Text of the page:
If this large amount of excess liquidity is released as loans, the capital requirement will increase. Banks tend to invest in government securities rather than investing in loans and advances to satisfy Basel capital requirements without increasing equity capital to achieve the objective.
This practice increases insolvency risks of the banks in addition to misallocation of resources in the economy. If the entire excess of liquidity floods into the market in an orderly manner, the credit market may not be able to absorb it without disrupting general price levels.

 


COMPETITIVE MARKET SYSTEM
In a competitive market system, in theory, interest rates bring automatically the savings and investments into an equilibrium state. The Central Bank has reduced policy rates in order to spur the credit growth without much success. For some reason automatic equilibrium mechanism does not respond to interest rate changes.

 


Even if markets are competitive, automatic equilibrium mechanism may not work due to a credit crunch as prevailed in the US in 2008. Or, as Keynes said and what happened in Japan over the last three decades, economy may be in a liquidity trap without responding even to zero interest rate.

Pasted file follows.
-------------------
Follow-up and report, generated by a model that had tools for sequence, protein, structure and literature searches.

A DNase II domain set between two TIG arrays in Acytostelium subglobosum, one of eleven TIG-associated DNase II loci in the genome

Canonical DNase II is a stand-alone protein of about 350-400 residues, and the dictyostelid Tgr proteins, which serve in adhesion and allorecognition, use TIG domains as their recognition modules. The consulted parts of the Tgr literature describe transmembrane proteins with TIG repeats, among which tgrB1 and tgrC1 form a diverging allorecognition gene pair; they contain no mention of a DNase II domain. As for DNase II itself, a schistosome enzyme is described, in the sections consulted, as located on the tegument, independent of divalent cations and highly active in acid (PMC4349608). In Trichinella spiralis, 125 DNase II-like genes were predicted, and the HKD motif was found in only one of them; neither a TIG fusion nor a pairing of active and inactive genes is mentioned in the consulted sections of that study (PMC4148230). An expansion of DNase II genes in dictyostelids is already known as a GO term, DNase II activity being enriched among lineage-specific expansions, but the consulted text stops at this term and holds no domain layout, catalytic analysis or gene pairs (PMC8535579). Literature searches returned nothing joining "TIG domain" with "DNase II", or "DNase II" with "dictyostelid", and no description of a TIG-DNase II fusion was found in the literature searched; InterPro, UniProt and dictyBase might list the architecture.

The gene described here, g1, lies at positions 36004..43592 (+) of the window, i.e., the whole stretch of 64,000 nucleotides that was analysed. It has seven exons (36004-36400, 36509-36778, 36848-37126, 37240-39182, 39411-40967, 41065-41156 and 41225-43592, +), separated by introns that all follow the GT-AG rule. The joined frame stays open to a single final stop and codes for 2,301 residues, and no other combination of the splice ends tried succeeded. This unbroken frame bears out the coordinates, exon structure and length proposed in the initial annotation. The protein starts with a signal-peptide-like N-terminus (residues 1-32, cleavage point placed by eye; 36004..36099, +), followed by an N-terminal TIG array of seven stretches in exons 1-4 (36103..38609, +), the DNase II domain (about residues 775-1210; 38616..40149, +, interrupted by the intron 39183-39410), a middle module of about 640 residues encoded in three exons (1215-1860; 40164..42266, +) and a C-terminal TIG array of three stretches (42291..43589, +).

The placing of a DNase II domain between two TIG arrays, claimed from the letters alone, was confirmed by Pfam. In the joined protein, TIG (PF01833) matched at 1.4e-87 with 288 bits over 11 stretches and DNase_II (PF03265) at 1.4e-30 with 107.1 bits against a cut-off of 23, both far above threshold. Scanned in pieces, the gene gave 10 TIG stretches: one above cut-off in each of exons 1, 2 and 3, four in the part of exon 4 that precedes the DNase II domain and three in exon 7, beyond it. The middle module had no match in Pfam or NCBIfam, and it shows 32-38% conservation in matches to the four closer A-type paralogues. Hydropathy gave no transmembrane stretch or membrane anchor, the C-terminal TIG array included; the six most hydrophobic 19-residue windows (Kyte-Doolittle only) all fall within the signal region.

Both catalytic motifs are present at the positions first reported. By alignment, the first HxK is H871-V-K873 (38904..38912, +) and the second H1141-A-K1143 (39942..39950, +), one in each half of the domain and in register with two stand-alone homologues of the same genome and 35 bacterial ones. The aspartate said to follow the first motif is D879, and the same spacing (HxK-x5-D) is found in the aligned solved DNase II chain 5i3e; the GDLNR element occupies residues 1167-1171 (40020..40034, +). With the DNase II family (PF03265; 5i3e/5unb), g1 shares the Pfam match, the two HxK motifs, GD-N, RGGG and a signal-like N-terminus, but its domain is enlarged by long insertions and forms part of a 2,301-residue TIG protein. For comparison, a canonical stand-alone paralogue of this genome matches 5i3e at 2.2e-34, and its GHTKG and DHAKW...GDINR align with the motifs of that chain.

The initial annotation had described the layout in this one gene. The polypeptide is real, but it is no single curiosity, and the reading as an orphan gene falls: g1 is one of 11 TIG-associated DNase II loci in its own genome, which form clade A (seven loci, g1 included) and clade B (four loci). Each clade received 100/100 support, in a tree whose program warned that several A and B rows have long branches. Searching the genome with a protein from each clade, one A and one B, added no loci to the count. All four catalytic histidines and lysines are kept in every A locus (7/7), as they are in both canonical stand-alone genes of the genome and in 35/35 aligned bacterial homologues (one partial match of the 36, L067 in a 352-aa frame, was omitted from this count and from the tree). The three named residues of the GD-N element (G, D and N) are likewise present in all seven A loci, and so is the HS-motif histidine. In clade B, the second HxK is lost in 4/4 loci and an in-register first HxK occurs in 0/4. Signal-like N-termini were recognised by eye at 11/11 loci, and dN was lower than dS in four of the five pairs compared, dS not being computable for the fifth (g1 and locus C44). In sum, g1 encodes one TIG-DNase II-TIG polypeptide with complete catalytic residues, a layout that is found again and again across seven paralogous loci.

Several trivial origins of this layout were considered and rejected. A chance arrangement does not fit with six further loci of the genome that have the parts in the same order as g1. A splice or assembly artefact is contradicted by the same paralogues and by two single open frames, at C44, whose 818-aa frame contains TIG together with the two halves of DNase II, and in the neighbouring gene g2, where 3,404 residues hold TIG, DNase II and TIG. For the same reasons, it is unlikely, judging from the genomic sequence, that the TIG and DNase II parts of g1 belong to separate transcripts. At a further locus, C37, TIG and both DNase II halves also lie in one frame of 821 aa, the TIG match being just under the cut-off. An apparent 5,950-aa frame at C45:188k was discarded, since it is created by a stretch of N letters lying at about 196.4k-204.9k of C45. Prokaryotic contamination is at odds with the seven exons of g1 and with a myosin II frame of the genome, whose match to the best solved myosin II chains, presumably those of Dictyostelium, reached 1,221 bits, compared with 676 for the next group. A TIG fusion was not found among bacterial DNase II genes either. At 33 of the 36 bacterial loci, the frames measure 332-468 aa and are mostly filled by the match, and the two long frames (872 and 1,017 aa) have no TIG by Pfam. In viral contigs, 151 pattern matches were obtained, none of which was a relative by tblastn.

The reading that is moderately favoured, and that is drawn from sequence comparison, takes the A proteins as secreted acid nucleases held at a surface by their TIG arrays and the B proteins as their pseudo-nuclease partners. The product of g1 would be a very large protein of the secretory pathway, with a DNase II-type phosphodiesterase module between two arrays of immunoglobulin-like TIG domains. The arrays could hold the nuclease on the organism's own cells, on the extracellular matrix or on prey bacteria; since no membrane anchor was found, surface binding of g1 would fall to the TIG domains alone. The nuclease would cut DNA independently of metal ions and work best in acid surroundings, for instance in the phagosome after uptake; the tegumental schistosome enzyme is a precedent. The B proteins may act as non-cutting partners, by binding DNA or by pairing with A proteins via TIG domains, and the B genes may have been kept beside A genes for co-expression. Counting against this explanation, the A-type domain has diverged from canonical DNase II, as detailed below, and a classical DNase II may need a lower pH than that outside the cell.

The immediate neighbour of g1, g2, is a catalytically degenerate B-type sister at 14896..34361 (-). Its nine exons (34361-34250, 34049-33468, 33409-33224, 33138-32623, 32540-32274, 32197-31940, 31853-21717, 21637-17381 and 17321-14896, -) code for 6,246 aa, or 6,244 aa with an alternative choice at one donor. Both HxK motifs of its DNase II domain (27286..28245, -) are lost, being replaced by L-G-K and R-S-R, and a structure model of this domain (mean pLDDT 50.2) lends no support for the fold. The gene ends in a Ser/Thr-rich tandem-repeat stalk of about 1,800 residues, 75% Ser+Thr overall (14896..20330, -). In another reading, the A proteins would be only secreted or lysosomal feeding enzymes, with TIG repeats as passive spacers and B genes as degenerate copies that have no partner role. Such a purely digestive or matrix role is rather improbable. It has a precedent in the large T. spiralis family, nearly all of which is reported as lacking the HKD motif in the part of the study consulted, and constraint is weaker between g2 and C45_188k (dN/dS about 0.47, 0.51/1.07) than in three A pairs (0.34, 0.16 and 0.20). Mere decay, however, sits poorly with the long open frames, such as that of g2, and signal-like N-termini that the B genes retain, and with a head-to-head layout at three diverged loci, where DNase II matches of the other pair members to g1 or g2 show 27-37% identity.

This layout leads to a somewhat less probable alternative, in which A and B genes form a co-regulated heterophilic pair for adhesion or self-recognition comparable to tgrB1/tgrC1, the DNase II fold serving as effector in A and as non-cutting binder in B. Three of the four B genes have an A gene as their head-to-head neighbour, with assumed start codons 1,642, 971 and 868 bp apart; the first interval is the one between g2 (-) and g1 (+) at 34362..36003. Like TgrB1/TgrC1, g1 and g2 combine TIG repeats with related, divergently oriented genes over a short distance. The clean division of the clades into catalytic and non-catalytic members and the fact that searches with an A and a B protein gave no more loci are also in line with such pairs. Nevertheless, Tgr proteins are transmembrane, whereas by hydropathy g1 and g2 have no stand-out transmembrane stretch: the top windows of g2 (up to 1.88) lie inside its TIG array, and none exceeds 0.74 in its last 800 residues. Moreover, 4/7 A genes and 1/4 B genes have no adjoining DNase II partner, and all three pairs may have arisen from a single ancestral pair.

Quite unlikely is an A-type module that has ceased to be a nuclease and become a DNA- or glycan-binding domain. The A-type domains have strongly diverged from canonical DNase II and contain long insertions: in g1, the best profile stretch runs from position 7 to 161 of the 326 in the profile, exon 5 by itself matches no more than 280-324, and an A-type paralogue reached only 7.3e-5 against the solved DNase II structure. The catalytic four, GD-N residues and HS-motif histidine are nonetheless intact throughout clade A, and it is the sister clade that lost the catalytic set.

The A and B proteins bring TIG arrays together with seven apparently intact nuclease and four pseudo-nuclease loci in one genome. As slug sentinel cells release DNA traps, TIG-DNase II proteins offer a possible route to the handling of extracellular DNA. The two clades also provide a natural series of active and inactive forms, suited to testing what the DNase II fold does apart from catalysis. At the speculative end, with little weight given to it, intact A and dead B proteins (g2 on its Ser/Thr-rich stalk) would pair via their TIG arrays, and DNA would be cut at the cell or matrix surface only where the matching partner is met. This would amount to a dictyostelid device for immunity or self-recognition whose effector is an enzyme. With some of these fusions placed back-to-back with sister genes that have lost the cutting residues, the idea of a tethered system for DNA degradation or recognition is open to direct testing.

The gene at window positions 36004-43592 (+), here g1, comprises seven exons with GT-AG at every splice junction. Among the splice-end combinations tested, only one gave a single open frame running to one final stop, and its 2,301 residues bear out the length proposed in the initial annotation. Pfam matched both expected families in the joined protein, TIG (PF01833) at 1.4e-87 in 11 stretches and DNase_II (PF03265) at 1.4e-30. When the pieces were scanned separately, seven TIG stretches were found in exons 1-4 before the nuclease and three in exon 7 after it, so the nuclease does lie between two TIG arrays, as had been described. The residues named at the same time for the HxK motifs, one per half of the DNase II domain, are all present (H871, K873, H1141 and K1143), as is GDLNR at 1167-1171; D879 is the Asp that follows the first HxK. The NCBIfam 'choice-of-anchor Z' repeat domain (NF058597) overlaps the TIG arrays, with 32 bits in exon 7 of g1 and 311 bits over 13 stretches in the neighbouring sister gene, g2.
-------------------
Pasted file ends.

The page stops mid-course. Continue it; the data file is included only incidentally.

The Central Bank says that the financial markets are more than competitive and it is implementing a consolidating programme to reduce ‘disastrous’ competition. Business sector complains that the consolidation process may lead to an oligopolistic market in the banking sector.Even though we have over 20 banks, they may not be competing with each other in the market place as it is supposed to but accept the price leadership of a few huge state banks as in oligopoly. State banks are large and the others are comparatively small.

 


State banks are not efficient mainly due to bad debts and their higher interest rates are followed by the other banks without completing on price and reap economic rent. Therefore, the oligopolistic market structure may not be conducive for an efficient market place.

 

 

Therefore, there may be many economic and noneconomic reasons for the lack of credit growth in spite of the Central Bank’s intervention to spur the lending in the economy through the policy rates and persuasion. There are many unsubstantiated opinions for the lack of credit creation but the irony is that there has been no serious economic research conducted either by the Central Bank or the other interested parties to identify the reasons.